|Titre :||The impact of descriptive norms on motivation to participate in cancer screening – Evidence from online experiments (2019)|
|Auteurs :||Christian von Wagner, Auteur ; Yasemin Hirst, Auteur ; Jo Waller, Auteur|
|Type de document :||Article : texte imprimé|
|Dans :||Patient Education and Counseling (Vol. 102 n°9, Septembre 2019)|
|Article en page(s) :||pp. 1621-1628|
The current study tested in two online experiments whether manipulating normative beliefs about cancer screening uptake increases intention to attend colorectal screening among previously disinclined individuals.
2461 men and women from an Internet panel (Experiment 1 N = 1032; Experiment 2, N = 1423) who initially stated that they did not intend to take up screening were asked to guess how many men and women they believe to get screened for colorectal cancer. Across participants, we varied the presence/absence of feedback on the participant’s estimate, as well as the stated proportion of men and women doing the screening test.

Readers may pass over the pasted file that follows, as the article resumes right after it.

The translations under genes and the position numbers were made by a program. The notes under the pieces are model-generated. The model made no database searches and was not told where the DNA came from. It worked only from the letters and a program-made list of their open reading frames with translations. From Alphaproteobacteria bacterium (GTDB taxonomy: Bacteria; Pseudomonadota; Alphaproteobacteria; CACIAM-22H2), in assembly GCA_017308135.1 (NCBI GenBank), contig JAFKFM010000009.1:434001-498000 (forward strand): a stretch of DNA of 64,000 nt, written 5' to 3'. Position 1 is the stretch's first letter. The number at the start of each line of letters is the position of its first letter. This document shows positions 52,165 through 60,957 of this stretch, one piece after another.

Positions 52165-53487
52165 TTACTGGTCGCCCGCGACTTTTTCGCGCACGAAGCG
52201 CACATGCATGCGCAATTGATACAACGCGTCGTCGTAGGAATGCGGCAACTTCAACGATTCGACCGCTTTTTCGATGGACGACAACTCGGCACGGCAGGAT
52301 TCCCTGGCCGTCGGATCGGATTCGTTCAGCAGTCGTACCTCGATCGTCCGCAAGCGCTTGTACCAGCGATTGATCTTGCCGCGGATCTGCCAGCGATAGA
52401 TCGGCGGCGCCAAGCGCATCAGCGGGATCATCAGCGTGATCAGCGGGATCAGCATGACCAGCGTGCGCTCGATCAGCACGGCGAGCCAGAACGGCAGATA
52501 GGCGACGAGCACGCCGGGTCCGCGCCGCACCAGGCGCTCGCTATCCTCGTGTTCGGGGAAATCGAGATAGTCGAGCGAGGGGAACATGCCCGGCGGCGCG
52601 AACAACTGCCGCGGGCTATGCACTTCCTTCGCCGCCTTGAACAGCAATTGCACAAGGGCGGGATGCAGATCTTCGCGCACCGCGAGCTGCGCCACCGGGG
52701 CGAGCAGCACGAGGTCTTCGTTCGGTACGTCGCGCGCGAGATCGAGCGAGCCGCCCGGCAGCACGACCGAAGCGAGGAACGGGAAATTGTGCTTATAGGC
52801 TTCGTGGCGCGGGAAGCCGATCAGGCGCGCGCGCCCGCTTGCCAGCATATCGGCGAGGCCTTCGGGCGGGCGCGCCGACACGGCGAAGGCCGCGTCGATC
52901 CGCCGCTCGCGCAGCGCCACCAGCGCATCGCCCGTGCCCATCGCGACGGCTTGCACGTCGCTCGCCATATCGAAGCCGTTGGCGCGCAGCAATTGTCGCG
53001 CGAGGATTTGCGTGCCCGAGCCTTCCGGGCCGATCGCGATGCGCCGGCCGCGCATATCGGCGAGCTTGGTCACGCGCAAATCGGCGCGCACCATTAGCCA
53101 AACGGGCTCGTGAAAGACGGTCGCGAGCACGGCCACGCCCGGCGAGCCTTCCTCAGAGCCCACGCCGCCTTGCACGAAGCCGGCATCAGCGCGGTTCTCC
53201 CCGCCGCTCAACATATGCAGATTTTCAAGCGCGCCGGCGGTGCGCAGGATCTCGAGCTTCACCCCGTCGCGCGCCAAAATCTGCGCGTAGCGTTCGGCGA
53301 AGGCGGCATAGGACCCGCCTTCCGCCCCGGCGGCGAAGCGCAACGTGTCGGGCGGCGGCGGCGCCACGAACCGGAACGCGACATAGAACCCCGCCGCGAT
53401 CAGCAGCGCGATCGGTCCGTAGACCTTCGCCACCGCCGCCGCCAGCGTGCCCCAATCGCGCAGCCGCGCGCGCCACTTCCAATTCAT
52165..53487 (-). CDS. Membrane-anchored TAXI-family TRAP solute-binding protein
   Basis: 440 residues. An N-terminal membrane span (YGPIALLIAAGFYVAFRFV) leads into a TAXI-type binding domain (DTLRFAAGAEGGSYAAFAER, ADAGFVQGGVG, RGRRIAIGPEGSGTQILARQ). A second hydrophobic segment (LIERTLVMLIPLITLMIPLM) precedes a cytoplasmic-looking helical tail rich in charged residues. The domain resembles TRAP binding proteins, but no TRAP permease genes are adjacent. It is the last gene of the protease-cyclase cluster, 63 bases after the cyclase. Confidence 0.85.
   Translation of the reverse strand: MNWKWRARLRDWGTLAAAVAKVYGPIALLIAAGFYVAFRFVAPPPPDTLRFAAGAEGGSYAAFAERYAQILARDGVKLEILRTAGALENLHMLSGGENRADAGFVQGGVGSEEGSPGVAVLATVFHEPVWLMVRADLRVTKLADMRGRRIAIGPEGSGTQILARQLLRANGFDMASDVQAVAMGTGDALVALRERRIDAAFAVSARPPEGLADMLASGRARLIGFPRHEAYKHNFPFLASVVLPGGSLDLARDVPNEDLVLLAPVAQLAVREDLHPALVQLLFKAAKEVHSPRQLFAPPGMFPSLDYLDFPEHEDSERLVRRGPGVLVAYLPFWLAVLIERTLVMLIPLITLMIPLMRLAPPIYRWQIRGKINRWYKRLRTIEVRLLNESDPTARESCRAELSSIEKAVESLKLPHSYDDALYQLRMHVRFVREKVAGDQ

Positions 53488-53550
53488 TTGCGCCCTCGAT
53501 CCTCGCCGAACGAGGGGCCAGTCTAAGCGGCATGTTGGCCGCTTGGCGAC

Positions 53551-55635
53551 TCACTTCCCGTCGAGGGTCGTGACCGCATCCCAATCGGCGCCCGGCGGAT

Across the two experiments, we found that receiving one of the experimental messages stating that uptake is higher than estimated significantly increased the proportion of disinclined men and women becoming intenders. While, we found a positive relationship between the communicated uptake and screening intentions, we did not find evidence that providing feedback on the estimate has an added benefit.
Screening intention can be effectively manipulated through a high uptake message.
Communication of high screening uptake is an easy and effective way to motivate disinclined individuals to engage in colorectal cancer screening.
|RESO P.12||RE65681632||Bulletin||RESOdoc||Consultation sur place|